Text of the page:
Case Example:

To illustrate using the PutraTech example, assume that product Alpha of the DharmaTech Division can be sold competitively at $50 per unit or transferred to a third division, the Quantum Division, for additional processing. Under most situations, the DharmaTech Division will never sell Alpha for less than $50, and the Quantum Division will likewise never pay more than $50 for it. However, if any variable expenses related to marketing and shipping can be eliminated by divisional transfers, these costs are generally subtracted from the competitive market price. In our illustration in which variable selling expenses are $4 for Alpha, the transfer price could be reduced to $46 ($50 -$4). A price between $46 and $50 would probably be better than either extreme price. To the extent that these transfer prices represent a nearly competitive situation, the profitability of each division can then be fairly evaluated.

 

2. Equal To Variable Costs Method – If excess capacity exists in the supplying division, establishing a transfer price equal to variable costs leads the purchasing division to act in a manner that is optimal from the corporation’s viewpoint. The buying division has the corporation’s variable cost as its own variable cost as it enters the external market. Unfortunately, establishing the transfer price at variable cost causes the supplying division to report zero profits or a loss equal to any fixed costs. If excess capacity does not exist, establishing a transfer price at variable cost would not lead to optimal action because the supplying division would have to forego external sales that include a markup for fixed costs and profits.

Case Example

If Beta could be sold externally for $60, the DharmaTech Division would not want to transfer Beta to the LieTech Division for a $40 transfer price based on the following variable costs:

Direct materials                               $14
Direct labor                                        10
Variable manufacturing overhead      16
Total variable costs                        $ 40

The DharmaTech Division would much rather sell outside the company for $60, which covers variable costs and provides a profit contribution margin of $20:

Selling price of Beta      $60
Variable costs               (40)
Contribution margin     $20

 

3. Variable Plus Opportunity Costs Method – From the organization’s viewpoint, variable plus opportunity cost is the optimal transfer price. Because all relevant costs are included in the transfer price, the purchasing division is led to act in a manner optimal for the overall company, whether or not excess capacity exists. With excess capacity in the supplying division, the transfer price is the variable cost per unit. Without excess capacity, the transfer price is the sum of the variable and opportunity costs.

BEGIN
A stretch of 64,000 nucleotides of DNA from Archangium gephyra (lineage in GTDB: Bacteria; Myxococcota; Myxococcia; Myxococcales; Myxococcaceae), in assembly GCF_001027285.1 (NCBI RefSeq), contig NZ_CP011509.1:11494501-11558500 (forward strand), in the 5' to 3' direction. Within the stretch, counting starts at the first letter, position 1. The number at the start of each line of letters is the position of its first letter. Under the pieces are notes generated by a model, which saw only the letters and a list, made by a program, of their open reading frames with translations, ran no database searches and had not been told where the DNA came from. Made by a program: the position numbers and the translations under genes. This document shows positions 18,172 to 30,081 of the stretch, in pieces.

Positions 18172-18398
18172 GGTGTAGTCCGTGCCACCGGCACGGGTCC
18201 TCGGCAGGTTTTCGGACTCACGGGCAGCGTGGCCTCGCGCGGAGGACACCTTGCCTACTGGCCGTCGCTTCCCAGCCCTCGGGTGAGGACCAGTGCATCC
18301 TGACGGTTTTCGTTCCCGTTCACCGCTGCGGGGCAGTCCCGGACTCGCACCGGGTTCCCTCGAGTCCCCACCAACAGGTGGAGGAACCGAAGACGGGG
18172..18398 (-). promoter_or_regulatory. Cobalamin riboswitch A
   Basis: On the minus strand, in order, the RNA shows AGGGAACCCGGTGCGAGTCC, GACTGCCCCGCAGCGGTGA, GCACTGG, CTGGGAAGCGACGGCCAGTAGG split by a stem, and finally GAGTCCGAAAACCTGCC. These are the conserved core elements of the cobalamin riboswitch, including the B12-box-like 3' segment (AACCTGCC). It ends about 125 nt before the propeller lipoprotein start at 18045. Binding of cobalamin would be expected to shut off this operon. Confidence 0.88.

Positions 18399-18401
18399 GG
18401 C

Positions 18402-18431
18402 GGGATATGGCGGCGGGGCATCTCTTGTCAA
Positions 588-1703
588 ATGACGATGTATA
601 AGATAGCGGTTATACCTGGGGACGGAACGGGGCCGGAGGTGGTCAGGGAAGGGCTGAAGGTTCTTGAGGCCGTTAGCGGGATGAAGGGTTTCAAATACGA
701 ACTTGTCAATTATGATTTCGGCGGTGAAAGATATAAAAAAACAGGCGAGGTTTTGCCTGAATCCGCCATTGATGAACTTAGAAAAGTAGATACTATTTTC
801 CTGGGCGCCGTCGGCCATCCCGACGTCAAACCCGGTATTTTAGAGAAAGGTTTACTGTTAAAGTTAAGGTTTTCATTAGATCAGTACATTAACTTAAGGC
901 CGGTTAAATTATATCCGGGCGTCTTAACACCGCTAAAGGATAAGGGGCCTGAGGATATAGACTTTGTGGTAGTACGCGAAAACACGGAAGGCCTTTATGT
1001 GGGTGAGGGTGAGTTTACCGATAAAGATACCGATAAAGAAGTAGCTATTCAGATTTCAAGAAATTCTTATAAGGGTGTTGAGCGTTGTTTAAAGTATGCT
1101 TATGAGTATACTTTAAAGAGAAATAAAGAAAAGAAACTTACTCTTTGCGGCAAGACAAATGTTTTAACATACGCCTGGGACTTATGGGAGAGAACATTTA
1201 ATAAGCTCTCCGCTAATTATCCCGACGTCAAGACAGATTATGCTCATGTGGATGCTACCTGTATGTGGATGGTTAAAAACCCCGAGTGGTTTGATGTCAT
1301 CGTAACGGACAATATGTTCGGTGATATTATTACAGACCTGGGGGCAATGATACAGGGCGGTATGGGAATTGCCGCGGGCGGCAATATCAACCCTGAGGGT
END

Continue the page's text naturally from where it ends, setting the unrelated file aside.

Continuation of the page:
Case Example:

Following this rule in the previous example, if the DharmaTech Division had excess capacity, the transfer price of Beta would be set at Beta’s variable costs of $40 per unit. At this transfer price, the LieTech Division would buy Beta internally, rather than externally at $52 per unit. If the DharmaTech Division cannot sell Beta externally but can sell all the Alpha it can produce and is operating at capacity, the transfer price per unit would be set at $61, the sum of Beta’s variable and opportunity costs ($40 + $21). (Refer back two pages.) At this transfer price, the LieTech Division would buy Beta externally for $52. In both situations, the management of the LieTech Division has acted in accordance with the organization’s profit-maximizing goal.

 

Note:

There are two problems with this method:

  • First, when the supplying division has excess capacity, establishing the transfer price at variable cost causes the supplying division to report zero profits or a loss equal to any fixed costs.
  • Second, determining opportunity costs when the supplying division produces several products is difficult. If the problems with the previously mentioned transfer-pricing methods are too great, three other methods can be used: absorption cost plus markup, negotiated prices, and dual prices.

 

4. Absorption Cost Plus Markup Method – According to absorption costing, all variable and fixed manufacturing costs are product costs. Pricing internal transfers at absorption cost eliminates the supplying division’s reported loss on each product that can occur using a variable cost transfer price. Absorption cost plus markup provides the supplying division a contribution toward unallocated costs. In “cost-plus” transfer pricing, “cost” should be defined as standard cost rather than as actual cost. This prevents the supplying division from passing on the cost of inefficient operations to other divisions, and it allows the buying division to know its cost in advance of purchase. Even though cost-plus transfer prices may not maximize company profits, they are widely used. Their popularity stems from several factors, including ease of implementation, justifiability, and perceived fairness. Once everyone agrees on absorption cost plus markup pricing rules, internal disputes are minimized.